Interdisciplinary. Community. Advocacy. Humor.
Time to allow myself the luxury of a weekend in Edinburgh with nothing to do but see some friends and go to the opening of Stephen Bottomley's first retrospective.
I always sleep very well in Edinburgh: I stay with friends and the room in which I sleep overlooks a graveyard! Much needed as the changing clocks, seasons and the travel to and from the US has made my sleeping patterns somewhat messy.
Stephen Bottomley is well-known as the head of Jewellery and Silversmithing at the Edinburgh College of Art. A few years younger than me, he had his first retrospective at the estimable "Scottish Gallery" on Dundas Street and very excellent it is too, with a range of pieces from his twenty years' worth of quiet, calm and focused research-based jewellery, exploring the cutting edge of new technologies, be they in terms of design (CAD), production (CAM) or materials (such as heat-exchange alloys from rockets). It is hard to imagine anyone not connecting with his work: his use of subtle forms, exquisite surfaces and soft colours - often from enamels - make even the large "ruff" pieces most appealing.
Stephen Bottomley talking to a guest at the opening of his retrospective.
The exhibition runs until the 28th of November and is well worth seeing. You can download a copy of the catalogue here.
I met up with the irrepressible Howie Nicholsby of 21st Century Kilts - someone we are hoping to feature in "Scotland the What?" in November of next year - and spent a few hours ordering a new kilt, as well as discussing art, politics, gourmet pub pies and Alexander McQueen. Anyone visiting Edinburgh should stop by the shop and see what is going on.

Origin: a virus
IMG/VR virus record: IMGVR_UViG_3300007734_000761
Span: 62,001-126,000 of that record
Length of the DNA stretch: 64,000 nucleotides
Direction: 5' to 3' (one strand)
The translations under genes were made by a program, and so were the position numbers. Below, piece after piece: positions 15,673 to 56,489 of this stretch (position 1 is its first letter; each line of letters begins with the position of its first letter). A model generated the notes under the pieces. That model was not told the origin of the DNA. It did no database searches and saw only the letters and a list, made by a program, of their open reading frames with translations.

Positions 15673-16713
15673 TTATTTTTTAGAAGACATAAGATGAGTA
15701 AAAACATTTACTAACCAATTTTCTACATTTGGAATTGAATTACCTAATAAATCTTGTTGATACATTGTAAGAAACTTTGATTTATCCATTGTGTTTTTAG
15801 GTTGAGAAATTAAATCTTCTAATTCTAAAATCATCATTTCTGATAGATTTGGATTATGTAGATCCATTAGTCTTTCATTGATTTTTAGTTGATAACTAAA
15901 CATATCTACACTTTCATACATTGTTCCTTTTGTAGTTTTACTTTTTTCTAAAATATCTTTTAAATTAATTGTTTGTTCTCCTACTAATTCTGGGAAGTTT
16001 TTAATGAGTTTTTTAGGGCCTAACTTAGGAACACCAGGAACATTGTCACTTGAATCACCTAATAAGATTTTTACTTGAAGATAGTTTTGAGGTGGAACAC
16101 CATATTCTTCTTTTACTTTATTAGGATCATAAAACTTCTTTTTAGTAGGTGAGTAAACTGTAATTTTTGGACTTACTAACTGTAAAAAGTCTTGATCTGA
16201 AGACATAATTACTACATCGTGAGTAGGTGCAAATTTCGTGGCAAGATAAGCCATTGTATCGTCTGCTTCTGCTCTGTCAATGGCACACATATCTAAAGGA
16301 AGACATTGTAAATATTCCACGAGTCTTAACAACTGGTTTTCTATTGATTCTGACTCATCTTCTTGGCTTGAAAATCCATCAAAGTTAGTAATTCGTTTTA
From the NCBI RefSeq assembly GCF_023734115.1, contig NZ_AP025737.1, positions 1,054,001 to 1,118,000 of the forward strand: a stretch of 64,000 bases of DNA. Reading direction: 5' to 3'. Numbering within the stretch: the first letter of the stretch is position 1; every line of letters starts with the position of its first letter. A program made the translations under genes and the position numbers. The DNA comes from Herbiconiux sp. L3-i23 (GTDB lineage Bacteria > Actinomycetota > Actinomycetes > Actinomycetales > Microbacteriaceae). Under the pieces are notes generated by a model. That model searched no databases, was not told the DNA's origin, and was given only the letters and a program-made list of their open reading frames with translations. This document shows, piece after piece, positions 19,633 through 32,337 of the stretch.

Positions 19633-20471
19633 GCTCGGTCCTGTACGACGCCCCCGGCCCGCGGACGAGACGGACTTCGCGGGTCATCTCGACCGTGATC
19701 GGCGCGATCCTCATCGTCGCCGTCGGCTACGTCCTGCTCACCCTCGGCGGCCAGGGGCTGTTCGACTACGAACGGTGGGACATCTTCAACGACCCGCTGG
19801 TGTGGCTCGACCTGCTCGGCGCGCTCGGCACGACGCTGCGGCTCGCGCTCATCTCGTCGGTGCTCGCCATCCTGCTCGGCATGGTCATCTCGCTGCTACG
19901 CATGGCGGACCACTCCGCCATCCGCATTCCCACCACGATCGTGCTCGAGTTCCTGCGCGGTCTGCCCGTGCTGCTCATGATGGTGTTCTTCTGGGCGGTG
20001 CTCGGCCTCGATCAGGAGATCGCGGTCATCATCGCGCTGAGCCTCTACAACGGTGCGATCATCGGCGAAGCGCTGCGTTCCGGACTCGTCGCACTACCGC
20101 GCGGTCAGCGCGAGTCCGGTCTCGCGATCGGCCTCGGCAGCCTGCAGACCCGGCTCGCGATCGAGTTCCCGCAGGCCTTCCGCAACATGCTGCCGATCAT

Here, he is helping me select a tweed. I decided to go with the one on the top at the front, an organic, hand-woven tweed from Mull. It looks striped but has a very subtle check. I was particularly taken with his jacket, but there wasn't enough of this tweed to make the jacket too. Best thing about the tweed is that they will never produce that particular pattern again: the colours are all natural plant materials or the colour of the wool straight from the sheep and it is lies beautifully between brown and grey.
The National Portrait Gallery was recently refurbished. A remarkable Victorian Gothic building with some stunning Arts and Crafts murals inside, I've always found this place rather dull. Apart from a few excellent pieces, the majority of the collection is worthy paintings of worthy people...
The library in the National Portrait Gallery in Edinburgh.
The atrium in the National Portrait Gallery in Edinburgh.
Unfortunately, for all the renovation, it remains what it always has been: dull.
Finally, a gothic image from outside the shop of one of our other potential exhibitors in "Scotland the What?", Joey-D: